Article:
Anyway, taking the very simple initial example using the CRM ontology. A database record is a type of Information object (an E31 Document in CRM terms) – a document is a special type of information object and can be harmonised with other documents or indeed other information objects. For example, an information object is a special type of symbolic or propositional object which in turn are conceptual objects. I add this as an aside because CIDOC CRM is a poly-hierarchical system of meaning allowing different levels of knowledge to be integrated because, of course, people have different levels of knowledge which could not be integrated otherwise!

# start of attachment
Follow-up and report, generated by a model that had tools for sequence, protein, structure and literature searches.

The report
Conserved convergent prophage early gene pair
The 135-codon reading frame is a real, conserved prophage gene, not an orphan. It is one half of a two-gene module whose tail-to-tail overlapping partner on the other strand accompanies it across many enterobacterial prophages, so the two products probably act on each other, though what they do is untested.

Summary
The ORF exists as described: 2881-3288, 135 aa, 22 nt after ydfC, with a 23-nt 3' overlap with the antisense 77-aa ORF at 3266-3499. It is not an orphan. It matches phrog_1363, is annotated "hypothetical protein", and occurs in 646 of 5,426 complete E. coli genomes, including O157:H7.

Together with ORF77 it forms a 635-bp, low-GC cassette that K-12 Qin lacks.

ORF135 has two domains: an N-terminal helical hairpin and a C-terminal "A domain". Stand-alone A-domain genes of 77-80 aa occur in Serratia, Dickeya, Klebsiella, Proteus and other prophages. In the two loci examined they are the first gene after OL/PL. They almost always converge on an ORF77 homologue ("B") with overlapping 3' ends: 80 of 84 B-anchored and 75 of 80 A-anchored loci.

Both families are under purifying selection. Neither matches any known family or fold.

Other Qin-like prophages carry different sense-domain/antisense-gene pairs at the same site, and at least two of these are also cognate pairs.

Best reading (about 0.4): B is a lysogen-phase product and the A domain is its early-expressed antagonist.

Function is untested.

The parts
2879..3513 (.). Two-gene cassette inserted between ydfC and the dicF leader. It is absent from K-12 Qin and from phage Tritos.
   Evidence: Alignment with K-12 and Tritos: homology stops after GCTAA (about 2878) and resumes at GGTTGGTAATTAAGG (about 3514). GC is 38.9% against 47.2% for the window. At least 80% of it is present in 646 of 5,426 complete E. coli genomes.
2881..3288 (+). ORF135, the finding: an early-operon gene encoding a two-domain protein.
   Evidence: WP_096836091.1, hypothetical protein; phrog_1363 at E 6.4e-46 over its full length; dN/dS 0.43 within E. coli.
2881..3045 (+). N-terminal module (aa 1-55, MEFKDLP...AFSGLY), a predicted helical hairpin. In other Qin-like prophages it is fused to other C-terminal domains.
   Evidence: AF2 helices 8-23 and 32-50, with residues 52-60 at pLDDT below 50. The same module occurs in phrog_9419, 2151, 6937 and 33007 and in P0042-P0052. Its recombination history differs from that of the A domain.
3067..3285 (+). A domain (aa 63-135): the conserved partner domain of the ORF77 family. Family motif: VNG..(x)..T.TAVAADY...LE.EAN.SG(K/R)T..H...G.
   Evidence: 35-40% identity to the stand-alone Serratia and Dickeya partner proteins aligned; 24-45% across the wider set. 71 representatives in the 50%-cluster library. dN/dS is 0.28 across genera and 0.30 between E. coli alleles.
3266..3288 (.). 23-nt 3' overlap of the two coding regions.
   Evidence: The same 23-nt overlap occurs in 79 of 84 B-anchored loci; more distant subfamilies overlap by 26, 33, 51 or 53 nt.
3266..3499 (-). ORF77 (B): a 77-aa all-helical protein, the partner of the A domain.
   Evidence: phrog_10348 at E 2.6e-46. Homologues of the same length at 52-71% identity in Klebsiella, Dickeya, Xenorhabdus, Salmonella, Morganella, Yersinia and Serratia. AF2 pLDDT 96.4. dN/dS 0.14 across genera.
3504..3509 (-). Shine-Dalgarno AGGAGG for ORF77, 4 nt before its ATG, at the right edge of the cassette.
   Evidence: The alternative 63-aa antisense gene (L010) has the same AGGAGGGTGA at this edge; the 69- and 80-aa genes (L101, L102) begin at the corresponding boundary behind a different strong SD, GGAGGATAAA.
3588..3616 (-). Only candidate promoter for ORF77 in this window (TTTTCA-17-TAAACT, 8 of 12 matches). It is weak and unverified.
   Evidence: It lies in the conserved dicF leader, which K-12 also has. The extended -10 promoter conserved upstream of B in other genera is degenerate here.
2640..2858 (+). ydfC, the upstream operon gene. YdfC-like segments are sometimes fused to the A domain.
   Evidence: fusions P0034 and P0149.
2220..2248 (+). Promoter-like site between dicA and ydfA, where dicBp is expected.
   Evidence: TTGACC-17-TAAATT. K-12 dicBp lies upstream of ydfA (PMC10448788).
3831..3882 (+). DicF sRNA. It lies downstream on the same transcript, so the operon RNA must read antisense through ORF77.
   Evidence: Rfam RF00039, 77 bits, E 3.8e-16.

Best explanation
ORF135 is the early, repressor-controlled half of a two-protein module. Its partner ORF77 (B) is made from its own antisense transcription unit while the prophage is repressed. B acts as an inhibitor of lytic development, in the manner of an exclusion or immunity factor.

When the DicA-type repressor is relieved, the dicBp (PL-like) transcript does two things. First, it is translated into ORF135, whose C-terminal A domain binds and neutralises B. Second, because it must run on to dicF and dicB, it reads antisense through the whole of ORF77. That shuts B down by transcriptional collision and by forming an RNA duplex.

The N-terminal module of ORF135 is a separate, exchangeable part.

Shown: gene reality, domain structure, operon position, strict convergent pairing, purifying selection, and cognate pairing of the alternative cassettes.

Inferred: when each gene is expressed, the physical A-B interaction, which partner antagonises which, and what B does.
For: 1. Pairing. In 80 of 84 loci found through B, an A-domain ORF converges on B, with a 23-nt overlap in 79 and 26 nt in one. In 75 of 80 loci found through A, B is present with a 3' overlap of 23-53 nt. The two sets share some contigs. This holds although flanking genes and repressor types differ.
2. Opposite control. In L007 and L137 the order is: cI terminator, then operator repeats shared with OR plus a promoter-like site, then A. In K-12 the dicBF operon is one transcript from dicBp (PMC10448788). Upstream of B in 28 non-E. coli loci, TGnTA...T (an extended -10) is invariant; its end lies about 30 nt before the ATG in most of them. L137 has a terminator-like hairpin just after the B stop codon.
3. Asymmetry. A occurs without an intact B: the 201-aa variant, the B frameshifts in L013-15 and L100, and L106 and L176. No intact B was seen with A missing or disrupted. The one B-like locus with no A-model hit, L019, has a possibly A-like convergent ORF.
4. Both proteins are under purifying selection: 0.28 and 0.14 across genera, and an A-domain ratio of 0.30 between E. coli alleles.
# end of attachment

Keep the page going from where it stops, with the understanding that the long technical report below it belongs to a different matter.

In CRMInf this particular type of information object is called a proposition set (I4 Proposition Set). It is therefore both a document and a proposition set. A proposition is also a type of information object and, “comprises identifiable symbols and any aggregation of symbols”.   In other words it can be text, images, musical scores, emblems, signs, and so on. This is important because it means that different types of information, heterogeneous data, can be connected without conversion to a single knowledge representation system. However, the CRM itself is about information/knowledge harmonisation and CRMInf becomes extremely powerful when the information that it operates on is encoded in the same knowledge representation system - but CRMInf is not limited by doing this first.

This proposition forms the basis of a belief. A belief consists of a proposition and a belief value. The value is whatever is appropriate. In this case let’s say, True, False, Unknown. The museums belief was created as a result of an observation.